ABOUT THIS BOOK
The 1920s marked the high point of refined dining, when silver tray–bearing white-gloved waiters circulated among guests and starched linens and candlelit tables were de rigueur. For the decadent class that came to prominence during the post-war period, achieving a reputation for throwing the most recherché dinner parties meant instant social success, and many an enterprising host or hostess sought advice in J. Rey’s The Whole Art of Dining.
By turns a collection of practical advice and a catalog of eccentricities, The Whole Art of Dining, republished by the Bodleian Library as How to Dine in Style, contained everything the would-be socialite needed to know in order to elevate food to high art, from tricks for putting together a proper French menu or throwing a garden party to practical tips on serving wines in the correct order and at the right temperature. Throughout the book are stories of astonishing excess, such as the search for ever-more-elaborate themes and venues, and the more daring of the book’s devotees might have been tempted to emulate efforts like those of the intrepid hostess whose mountaineering-themed dinner party had guests rappel to the rooftop of her Chicago home or American millionaire George A. Kessler, whose infamous “Gondola Party” flooded— for the first and only time—the central courtyard of the Savoy.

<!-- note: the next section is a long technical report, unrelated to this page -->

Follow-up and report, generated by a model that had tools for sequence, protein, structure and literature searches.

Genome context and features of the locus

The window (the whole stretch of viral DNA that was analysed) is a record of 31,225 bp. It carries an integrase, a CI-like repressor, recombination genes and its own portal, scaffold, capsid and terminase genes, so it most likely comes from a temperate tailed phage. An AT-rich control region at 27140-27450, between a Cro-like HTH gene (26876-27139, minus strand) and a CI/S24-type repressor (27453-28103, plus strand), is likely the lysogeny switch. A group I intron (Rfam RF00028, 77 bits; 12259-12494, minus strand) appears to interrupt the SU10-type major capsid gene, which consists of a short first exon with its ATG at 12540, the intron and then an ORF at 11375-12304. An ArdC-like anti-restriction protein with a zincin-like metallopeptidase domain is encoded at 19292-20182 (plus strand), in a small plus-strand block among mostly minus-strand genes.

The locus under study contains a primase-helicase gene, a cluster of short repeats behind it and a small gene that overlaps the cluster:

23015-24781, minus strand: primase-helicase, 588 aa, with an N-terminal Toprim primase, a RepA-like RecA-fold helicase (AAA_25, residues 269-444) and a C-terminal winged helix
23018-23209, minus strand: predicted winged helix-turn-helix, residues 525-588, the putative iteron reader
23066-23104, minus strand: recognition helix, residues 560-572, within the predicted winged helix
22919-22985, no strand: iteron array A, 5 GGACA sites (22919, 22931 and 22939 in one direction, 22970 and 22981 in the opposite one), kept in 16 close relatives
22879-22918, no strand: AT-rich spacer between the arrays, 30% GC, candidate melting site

A captivating glimpse into the golden age of fine dining, this book will be consumed with interest by discerning diners and fans of the Roaring Twenties—and it may even inspire readers to try their hand at throwing a stylish soiree of their own.